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    #16
    Originally posted by solarscar69:

    Rick, i hope your daughter is getting along well. I am sure she is still having wierd sensations still creeping up being so relatively early in the healing process. Hope she continues to improve. Take care!
    Thanks solar,

    She's doing good, it's just I want more return NOW!! The longer this recovery takes, the more anxeity I feel. Some days I feel so blessed, and other days I want to crawl in a hole somewhere and just cry.

    Last Monday was beautiful, weather wise (70). So after school, I had Sarah walk from the top of the driveway all the way to the house. She didn't want to do it, didn't think she could, and proceeded to cry and complain. But she did it, all 170 feet, plus two ramps. And you know, the farther she went, the better the steps looked. But man was she mad at me. But that's OK, I can take it.

    Sarah's limits, I think, are just as much mental as they are physical. Just because she couldn't do something a month or two ago, doesn't mean she can't do them today. I'm convinced that she doesn't know her limits, because she doesn't push hard enough to find out where they are.

    For instance, last night we were doing assisted sit-ups that we learned at Project Walk. After 3 sets of 12, we started talking about how she was always the class champ at doing sit ups in school whenever they did the Presidential Fitness test each year. She could do 50 in a minute. Anyway, she decided to see if she still had it and she gave me her stop watch to time her. Are you ready for this, she did 38 assisted sit ups in 1 min., and I wasn't helping that much at all, just for balance. Man, her face was red [img]/forum/images/smilies/mad.gif[/img] while she was going for it. When the time was up, I couldn't speak, all I could do was stare at her with the biggest smile on my face. Remember, she's T5. I got up and ran to go tell her Mom [img]/forum/images/smilies/eek.gif[/img]. Very cool.

    She's a tough kid, not much complaining, but isn't very self motivated for PT stuff.

    She's starting to notice the para belly a little bit, so I'm going to use her that to get her to do more ab work.

    But I tell ya, we need to get a PT in here to work with her soon. I'm no therapist and it's hard enough just being Dad (I've got 2 other younger kids), much less the 'slave driver' as well. We quit going to UVA (1hr - 1 day wk) when we got back from PW. We just felt the sessions were somewhat 'soft' and only lasted for 1 hr and was 50 miles one way. We're hoping to find someone who perhaps can come to the house or may be closer to home with a big emphasis on pushing her to get the most she can.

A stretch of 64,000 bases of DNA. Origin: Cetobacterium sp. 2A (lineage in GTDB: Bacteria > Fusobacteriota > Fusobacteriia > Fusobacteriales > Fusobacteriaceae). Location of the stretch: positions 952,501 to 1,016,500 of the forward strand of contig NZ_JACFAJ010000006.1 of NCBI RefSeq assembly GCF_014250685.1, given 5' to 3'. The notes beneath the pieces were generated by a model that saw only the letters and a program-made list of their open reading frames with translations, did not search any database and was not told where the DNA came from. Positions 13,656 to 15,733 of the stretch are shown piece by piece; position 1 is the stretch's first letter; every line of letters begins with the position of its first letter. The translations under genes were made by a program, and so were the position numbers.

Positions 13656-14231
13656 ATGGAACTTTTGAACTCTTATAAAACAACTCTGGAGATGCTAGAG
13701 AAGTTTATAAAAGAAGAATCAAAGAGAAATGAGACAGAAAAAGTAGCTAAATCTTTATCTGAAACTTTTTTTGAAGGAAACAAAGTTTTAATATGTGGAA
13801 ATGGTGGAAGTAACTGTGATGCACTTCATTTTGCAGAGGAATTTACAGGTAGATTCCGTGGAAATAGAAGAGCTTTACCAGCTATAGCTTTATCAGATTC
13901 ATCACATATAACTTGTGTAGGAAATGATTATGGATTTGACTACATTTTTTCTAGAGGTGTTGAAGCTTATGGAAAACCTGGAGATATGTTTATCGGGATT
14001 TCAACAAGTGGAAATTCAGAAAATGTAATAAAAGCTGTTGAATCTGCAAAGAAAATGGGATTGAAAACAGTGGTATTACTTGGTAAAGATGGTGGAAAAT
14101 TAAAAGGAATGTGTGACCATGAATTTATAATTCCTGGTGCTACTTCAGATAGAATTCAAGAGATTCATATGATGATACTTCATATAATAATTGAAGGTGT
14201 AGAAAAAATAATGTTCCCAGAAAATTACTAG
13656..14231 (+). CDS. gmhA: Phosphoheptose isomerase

I feel in my heart that the return is there for the taking, just got to go get it. And I've got this constant clock ticking in my head that time is working against us. That the window of opportunity for more return is slowly closing. Man, it's all too much sometimes. I just wish I could trade bodies with her or something. [img]/forum/images/smilies/frown.gif[/img]

    Oh well, I'm going to order a Total Gym today. She got a good workout on it at PW and I'm ready for more exercises.

    Sorry to be so winded, thanks for checking in on us.

    Your Friend,

    Rick
    Rick

    GO FORWARD! 2 FIGHT! PARALYSIS!

    Comment


      #17
      Rick, I so admire you. I think in your place I would be doing and saying everything you are doing and saying. The psychological issues are so complicated--and you never quite know what exactly it's like to be in her body, so the risk is always there that you might push too hard, or not hard enough. So frustrating!

      It doesn't help that Sarah is just at the age where she's supposed to be resisting your authority and testing your limits and flexing her own muscles. At some point, she's going to grab hold of this re-hab thing in a serious way, and not because you want her to.

      Your life and mine have strange parallels. I also have a 14-yr-old daughter. She was skiing alone in the high country with Bruce when he got hurt 4 years ago. As terrified as I was about his chances, I was equally aware that I had to pay attention to what the accident did to her.

      She had to go through 18 months of watching him struggle to breathe and sit up and e v e r s o s l o w l y get stronger, tiny bit by tiny bit--all the while grieving for her lost daddy and feeling a little responsible for what had happened. (The last run was her idea.)

      I wanted to push her into talking. Forget it. I wanted to push the two of them into somehow processing their joint loss. Not my call. I wanted so much to help her regain her old careless, joyful attitude. Impossible, for a long, long time.

      I've been thinking about your post in Caregivers the other day . . . hope everything's okay.

      Comment


        #18
        Its tuff. I know that i can be mental. I hated going to rehab early on since i am impatient anyways about stuff and the recovery was not coming back as fast i wanted it to. Right after a SCI the body reacts in a bad way and it feels so foreign so it takes a while and the worse the injury, probably takes even longer, but of course all SCI are all so different as is everyones recovery, function, pain, mental state and so on. It all kinda plays in together. It does probably seem like all you got to do is make her exercise, but its more. I can only imagine what she's going through being at that age since it really is when your anti-dad, in some form of degree or another. I am sure you remember being 14.